• What Can America Learn from Europe About Regulating Big Tech?” By Nick Romeo – The New Yorker.  A former Member of the European Parliament, Marietje Schaake, from the Netherlands is now a professor at Stanford and is trying to offer a new path on regulating big tech that would rein in the excesses and externalities while allowing new technologies and competition to flourish. The question is whether there is a wide enough appetite for her vision in the European Union let alone the United States.
  • Facebook employees internally question policy after India content controversy – sources, memos” By Aditya Kalra and Munsif Vengattil – Reuters. The tech giant is also facing an employee revolt in the world’s largest democracy. Much like in the United States and elsewhere, employees are pressing leadership to explain why they are seemingly not applying the platform’s rules on false and harmful material to hateful speech by leaders. In this case, it was posts by a member of the ruling Bharatiya Janata Party (BJP) calling Indian Muslims traitors. And, in much the same way accusations have been leveled at a top Facebook lobbyist in Washington who has allegedly interceded on behalf of Republicans and far right interests on questionable material, a lobbyist in New Delhi has done the same the BJB.
  • List of 2020 election meddlers includes Cuba, Saudi Arabia and North Korea, US intelligence official says” By Shannon Vavra – cyberscoop. At a virtual event this week, National Counterintelligence and Security Center (NCSC) Director William Evanina claimed that even more nations are trying to disrupt the United States election this fall, including Cuba, Saudi Arabia, and North Korea. Evanina cautioned anyone lest they think the capabilities of these nations rise to the level of the Russian Federation, People’s Republic of China, and Iran. Earleir this month, Evanina issued an update to his late July statement “100 Days Until Election 2020” through “sharing additional information with the public on the intentions and activities of our adversaries with respect to the 2020 election…[that] is being released for the purpose of better informing Americans so they can play a critical role in safeguarding our election.” Evanina offered more in the way of detail on the three nations identified as those being most active in and capable of interfering in the November election: the Russian Federation, the PRC, and Iran. This additional detail may well have been provided given the pressure Democrats in Congress to do just this. Members like Speaker of the House Nancy Pelosi (D-CA) argued that Evanina was not giving an accurate picture of the actions by foreign nations to influence the outcome and perception of the 2020 election. Republicans in Congress pushed back, claiming Democrats were seeking to politicize the classified briefings given by the Intelligence Community (IC).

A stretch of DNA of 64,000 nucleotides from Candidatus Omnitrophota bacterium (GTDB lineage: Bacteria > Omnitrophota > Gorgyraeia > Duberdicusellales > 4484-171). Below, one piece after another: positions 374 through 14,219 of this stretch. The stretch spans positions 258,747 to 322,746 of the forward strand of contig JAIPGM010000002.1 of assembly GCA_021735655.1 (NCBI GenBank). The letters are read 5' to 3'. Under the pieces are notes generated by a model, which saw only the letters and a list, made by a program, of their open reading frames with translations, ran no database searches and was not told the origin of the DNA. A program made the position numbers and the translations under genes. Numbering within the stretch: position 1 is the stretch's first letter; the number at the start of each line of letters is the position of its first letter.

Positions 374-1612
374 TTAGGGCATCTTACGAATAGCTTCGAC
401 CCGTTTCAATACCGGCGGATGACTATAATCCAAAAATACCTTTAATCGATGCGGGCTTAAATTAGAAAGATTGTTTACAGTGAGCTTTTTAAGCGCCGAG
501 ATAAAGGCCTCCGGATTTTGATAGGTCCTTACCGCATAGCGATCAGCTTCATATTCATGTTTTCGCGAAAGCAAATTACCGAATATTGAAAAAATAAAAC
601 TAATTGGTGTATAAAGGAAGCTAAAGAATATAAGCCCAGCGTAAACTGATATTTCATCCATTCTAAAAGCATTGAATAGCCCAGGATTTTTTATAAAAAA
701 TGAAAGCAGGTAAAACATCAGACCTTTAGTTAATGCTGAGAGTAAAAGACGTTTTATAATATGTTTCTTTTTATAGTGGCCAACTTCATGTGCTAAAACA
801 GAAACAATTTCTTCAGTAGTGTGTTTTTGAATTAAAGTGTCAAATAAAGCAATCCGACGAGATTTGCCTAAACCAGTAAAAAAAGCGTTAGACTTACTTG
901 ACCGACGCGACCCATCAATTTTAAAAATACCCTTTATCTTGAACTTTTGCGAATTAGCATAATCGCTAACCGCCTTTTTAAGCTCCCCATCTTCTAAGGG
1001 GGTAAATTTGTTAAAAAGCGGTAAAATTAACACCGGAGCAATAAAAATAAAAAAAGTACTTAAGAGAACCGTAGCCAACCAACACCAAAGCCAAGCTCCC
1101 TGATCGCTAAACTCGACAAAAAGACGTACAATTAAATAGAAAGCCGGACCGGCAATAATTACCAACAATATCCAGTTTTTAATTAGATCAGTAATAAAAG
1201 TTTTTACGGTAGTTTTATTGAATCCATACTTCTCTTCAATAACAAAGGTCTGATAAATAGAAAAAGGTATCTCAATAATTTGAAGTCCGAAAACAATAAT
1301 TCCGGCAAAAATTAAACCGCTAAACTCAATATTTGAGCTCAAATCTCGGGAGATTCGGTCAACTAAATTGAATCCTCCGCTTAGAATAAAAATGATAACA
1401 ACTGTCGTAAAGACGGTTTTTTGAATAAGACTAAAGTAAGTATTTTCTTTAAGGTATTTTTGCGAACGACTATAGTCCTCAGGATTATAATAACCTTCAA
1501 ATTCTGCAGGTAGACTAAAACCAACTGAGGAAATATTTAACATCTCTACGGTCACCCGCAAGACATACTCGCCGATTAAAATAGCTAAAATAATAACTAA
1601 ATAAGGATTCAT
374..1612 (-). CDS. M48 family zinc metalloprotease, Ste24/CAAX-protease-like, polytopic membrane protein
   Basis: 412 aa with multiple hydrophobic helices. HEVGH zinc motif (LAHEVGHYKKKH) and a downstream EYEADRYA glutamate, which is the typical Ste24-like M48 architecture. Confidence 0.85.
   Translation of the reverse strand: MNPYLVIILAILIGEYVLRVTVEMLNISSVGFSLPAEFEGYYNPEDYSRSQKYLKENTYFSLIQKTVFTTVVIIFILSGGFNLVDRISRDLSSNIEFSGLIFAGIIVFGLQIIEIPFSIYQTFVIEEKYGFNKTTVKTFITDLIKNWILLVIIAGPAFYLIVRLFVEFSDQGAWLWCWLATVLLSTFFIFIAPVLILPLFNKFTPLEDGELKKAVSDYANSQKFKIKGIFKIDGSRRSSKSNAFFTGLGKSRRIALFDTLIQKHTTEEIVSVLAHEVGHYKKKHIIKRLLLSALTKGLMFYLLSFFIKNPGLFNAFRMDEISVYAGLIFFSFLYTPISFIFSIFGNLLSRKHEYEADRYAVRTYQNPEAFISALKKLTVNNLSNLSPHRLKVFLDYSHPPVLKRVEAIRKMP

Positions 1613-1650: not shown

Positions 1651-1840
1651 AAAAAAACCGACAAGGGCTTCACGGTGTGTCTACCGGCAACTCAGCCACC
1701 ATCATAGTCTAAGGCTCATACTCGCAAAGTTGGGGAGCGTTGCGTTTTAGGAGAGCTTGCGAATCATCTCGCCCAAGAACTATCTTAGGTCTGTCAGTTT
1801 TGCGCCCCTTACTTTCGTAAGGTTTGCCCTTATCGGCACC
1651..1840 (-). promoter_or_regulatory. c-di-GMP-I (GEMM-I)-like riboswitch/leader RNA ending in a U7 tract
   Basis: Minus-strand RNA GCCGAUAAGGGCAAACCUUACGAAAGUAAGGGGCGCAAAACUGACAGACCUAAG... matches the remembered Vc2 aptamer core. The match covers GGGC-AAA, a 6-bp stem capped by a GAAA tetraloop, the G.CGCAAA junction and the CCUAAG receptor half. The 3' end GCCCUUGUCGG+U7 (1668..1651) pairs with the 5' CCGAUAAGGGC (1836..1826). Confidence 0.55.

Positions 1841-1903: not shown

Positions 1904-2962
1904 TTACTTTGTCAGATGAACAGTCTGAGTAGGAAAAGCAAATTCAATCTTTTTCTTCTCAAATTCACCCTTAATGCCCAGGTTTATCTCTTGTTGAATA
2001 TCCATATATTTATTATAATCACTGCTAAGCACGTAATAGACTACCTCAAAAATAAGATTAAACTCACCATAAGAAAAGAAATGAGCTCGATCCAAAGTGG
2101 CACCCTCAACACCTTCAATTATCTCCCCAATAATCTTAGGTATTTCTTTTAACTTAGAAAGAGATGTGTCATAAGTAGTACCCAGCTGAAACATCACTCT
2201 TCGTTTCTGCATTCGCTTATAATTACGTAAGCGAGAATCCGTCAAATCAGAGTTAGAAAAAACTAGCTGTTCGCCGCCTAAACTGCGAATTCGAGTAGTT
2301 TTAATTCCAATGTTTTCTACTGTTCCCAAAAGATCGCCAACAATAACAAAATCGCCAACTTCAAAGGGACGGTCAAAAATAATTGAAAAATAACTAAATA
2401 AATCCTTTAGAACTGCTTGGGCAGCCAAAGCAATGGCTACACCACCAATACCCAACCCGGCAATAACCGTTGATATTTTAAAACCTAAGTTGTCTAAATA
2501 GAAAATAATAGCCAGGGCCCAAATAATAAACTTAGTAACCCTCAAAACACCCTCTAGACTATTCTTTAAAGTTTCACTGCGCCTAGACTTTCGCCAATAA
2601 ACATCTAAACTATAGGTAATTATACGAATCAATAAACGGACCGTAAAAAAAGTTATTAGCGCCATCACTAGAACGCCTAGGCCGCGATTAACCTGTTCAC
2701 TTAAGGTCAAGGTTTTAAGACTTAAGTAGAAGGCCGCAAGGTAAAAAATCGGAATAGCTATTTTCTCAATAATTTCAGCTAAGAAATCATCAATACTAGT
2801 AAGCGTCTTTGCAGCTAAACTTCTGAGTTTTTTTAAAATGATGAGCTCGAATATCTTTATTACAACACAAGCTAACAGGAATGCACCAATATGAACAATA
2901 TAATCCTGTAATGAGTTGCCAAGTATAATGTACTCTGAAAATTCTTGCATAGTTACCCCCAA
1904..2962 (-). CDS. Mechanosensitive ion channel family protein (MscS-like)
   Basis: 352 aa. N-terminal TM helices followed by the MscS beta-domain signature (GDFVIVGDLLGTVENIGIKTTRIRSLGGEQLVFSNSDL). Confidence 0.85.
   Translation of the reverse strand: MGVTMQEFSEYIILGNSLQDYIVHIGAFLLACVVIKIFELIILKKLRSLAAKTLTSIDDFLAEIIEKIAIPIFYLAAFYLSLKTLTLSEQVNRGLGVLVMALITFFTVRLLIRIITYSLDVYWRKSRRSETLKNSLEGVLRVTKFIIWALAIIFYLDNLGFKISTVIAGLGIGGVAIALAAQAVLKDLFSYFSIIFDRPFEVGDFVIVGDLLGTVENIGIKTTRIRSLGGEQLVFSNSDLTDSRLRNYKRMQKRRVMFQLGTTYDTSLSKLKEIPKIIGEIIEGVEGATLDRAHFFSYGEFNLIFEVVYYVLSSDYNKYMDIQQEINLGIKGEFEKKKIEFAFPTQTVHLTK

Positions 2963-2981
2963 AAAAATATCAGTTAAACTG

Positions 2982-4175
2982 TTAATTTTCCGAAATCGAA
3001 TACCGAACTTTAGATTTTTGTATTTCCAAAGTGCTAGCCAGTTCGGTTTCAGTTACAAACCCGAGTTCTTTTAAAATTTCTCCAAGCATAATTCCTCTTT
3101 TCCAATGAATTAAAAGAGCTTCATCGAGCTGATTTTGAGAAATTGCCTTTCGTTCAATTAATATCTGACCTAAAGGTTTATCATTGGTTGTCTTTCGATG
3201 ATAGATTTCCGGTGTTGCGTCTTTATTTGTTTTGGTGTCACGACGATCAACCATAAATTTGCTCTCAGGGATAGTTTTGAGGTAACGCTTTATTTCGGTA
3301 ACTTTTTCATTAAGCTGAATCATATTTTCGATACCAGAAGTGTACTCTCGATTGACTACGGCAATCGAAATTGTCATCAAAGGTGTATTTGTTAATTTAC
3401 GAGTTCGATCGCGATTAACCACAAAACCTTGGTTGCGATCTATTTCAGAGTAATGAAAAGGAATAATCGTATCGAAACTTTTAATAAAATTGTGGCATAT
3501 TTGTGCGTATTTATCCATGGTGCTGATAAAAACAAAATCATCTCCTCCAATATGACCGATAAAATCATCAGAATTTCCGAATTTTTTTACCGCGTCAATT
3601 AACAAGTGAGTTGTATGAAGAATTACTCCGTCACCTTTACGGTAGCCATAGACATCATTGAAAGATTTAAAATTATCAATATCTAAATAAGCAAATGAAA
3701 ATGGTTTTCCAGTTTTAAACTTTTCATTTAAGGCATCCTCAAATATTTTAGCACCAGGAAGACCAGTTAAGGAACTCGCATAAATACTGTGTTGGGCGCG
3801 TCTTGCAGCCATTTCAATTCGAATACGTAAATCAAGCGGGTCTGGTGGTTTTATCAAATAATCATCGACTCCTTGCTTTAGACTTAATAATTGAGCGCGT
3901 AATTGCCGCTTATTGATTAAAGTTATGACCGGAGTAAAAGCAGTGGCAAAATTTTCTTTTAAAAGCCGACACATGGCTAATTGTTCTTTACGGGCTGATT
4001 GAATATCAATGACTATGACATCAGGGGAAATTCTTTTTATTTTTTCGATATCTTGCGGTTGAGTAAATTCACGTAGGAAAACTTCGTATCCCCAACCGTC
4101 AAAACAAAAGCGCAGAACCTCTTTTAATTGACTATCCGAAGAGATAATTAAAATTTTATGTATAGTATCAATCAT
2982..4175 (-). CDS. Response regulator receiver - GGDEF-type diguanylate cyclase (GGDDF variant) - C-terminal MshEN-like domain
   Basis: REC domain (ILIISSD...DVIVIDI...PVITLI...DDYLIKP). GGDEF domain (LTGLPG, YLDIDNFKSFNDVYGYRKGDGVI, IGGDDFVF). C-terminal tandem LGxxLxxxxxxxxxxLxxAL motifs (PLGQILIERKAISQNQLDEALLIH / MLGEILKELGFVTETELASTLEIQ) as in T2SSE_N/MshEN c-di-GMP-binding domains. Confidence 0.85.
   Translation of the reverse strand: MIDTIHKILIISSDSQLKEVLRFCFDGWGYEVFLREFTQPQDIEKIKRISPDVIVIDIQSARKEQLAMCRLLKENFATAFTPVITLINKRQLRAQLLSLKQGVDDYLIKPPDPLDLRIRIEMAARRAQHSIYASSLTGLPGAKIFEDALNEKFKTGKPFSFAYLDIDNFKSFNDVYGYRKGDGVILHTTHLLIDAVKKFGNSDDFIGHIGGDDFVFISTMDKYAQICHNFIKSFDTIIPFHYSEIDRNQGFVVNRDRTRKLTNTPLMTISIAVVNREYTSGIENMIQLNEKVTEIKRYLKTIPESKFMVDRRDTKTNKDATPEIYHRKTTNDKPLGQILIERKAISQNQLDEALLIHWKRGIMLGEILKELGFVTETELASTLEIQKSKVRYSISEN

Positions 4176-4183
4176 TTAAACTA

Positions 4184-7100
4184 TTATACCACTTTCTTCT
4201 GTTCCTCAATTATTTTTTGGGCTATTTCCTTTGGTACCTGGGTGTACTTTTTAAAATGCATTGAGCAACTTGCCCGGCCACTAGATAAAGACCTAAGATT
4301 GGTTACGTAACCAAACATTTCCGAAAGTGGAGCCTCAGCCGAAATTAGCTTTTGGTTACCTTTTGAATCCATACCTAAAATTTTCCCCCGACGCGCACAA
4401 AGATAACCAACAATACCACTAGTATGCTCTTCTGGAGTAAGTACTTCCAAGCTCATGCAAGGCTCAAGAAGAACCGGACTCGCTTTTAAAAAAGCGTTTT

© Michael Kans, Michael Kans Blog and michaelkans.blog, 2019-2020. Unauthorized use and/or duplication of this material without express and written permission from this site’s author and/or owner is strictly prohibited. Excerpts and links may be used, provided that full and clear credit is given to Michael Kans, Michael Kans Blog, and michaelkans.blog with appropriate and specific direction to the original content.

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Federal Court Rules Against Suspicionless Searches At Border and In Airports

A U.S. District Court held that U.S. Customs and Border Protection (CPB) and U.S. Immigration and Customs Enforcement’s (ICE) current practices for searches of smartphones and computers at the U.S. border are unconstitutional and the agency must have reasonable suspicion before conducting such a search. However, the Court declined the plaintiffs’ request that the information taken off of their devices be expunged by the agencies. This ruling follows a Department of Homeland Security Office of the Inspector General (OIG) report that found CPB “did not always conduct searches of electronic devices at U.S. ports of entry according to its Standard Operating Procedures” and asserted that “[t]hese deficiencies in supervision, guidance, and equipment management, combined with a lack of performance measures, limit [CPB’s] ability to detect and deter illegal activities related to terrorism; national security; human, drug, and bulk cash smuggling; and child pornography.”

In terms of a legal backdrop, the United States Supreme Court has found that searches and seizures of electronic devices at borders and airports are subject to lesser legal standards than those conducted elsewhere in the U.S. under most circumstances. Generally, the government’s interest in securing the border against the flow of contraband and people not allowed to enter allow considerable leeway to the warrant requirements for many other types of searches. However, in recent years two federal appeals courts (the Fourth and Ninth Circuits) have held that searches of electronic devices require suspicion on the part of government agents while another appeals court (the Eleventh Circuit) held differently. Consequently, there is not a uniform legal standard for these searches.